“He wakens me morning by morning, wakens my ear to listen like one being taught” (Isaiah 50:4).
It’s not every day that you find out just how wise your friend truly is. I had the privilege of that discovery recently when I received my friend Linda J. Gilden and her co-author Dalene V. Parker’s new book Words to Live By: 52 Ordinary Words That Lead to an Extraordinary Life.
This is really a different kind of devotional. I have a weekly bible study I attend with ladies in my neighborhood, but this is a real added bonus. Don’t be afraid to add this to your spiritual disciplines—you’ll be glad you did. It is an easy read, with gentle, thought-provoking concepts to simmer in the back of your mind and let trickle into your heart throughout the week.
As the title suggests, the authors take ordinary words such as “listen,” “think,” “change,” and “stop” and give you a new way to see the deeper meaning. In their conversational style, the authors illustrate how you can apply these words, not in your vocabulary, but in your daily relationships.
For example, “listen” is the first word:
Communication is important but we sometimes forget it involves two elements—speaking and listening. We become so focused on what we want to say that we don’t listen for a reply. Jesus challenged people to really listen to those around them, to Him, and to God.
This week observe the listening styles of those you are communicating with. Look at your own listening styles as well. Be intentional about being a good listener. Recognize the gift of listening is important to developing close relationships and meeting the needs of others.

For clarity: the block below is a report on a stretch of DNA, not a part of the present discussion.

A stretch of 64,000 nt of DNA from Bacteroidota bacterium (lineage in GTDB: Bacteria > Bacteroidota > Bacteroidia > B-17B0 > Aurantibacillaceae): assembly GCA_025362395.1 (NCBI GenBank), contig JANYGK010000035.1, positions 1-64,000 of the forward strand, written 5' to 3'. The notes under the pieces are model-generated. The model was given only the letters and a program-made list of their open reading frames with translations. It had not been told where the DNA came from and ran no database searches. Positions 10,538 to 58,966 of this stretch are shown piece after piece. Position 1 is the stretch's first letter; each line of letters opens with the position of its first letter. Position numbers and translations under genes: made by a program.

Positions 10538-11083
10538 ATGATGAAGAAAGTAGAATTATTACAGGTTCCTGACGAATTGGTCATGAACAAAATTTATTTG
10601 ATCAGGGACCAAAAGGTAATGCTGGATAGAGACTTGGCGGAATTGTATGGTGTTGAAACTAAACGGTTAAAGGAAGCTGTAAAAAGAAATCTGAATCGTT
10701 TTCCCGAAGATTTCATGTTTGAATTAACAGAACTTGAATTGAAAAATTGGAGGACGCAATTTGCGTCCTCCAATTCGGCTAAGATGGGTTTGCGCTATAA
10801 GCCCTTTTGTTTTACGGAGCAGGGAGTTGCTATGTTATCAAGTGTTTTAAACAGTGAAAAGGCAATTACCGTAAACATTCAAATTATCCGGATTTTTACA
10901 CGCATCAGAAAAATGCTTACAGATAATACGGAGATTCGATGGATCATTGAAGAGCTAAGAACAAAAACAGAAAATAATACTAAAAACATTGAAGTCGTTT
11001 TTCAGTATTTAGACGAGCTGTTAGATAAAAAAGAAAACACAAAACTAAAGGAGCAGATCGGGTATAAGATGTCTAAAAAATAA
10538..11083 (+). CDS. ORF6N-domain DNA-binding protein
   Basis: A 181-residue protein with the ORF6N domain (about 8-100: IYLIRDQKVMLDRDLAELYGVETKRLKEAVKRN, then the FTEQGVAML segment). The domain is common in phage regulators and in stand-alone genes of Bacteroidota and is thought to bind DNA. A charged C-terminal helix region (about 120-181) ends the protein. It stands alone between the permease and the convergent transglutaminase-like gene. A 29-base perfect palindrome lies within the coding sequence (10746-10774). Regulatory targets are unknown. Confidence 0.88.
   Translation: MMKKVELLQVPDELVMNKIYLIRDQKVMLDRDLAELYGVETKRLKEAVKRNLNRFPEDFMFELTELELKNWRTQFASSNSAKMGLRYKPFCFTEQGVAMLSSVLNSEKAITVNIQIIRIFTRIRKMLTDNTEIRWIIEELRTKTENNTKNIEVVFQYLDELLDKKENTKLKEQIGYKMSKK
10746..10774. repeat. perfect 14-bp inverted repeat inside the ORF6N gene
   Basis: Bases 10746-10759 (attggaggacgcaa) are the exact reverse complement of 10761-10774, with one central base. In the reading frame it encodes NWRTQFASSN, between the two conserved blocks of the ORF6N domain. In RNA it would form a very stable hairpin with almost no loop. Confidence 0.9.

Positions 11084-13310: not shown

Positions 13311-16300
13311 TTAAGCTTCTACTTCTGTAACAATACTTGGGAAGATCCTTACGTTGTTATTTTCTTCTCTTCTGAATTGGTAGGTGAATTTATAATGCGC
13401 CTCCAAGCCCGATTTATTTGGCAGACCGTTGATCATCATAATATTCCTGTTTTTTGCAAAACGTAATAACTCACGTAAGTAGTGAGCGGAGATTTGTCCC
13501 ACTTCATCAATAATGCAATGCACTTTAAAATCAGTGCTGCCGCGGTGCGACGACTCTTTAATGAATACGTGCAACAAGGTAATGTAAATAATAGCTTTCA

Of course, the authors go on to add more details that fully immerse you in a new perspective on the depth of the language we use throughout our day with little thought. Just like so many of the ordinary blessings in life are overlooked and taken for granted, so too are these simple words. Words to Live By pulls the plain wrapper off these ordinary words to reveal the richness hidden within.
What makes this book a treasure is that it gives you a stopping point. We all know that to truly enjoy life, we have to “slow down and smell the roses.” By using this book as a once a week reading, over the course of a year it will give you a chance to stop and savor some of the simplest concepts overlooked in our busy lives.
I wish someone had given me this book when I was a young mother. I often lamented the fact that the “older women” of the church, who were supposed to instruct us younger women, were nowhere to be found. This book doesn’t take the place of a mentor, but it shares a mentor’s wisdom.
“The older women likewise, that they be reverent in behavior, not slanderers, not given to much wine, teachers of good things—that they admonish the young women to love their husbands, to love their children” (Titus 2:3-4 NKJV).
In this book, young and old, men and women, will find a wealth of wisdom and insight. I’ve personally made it part of my early Sunday mornings.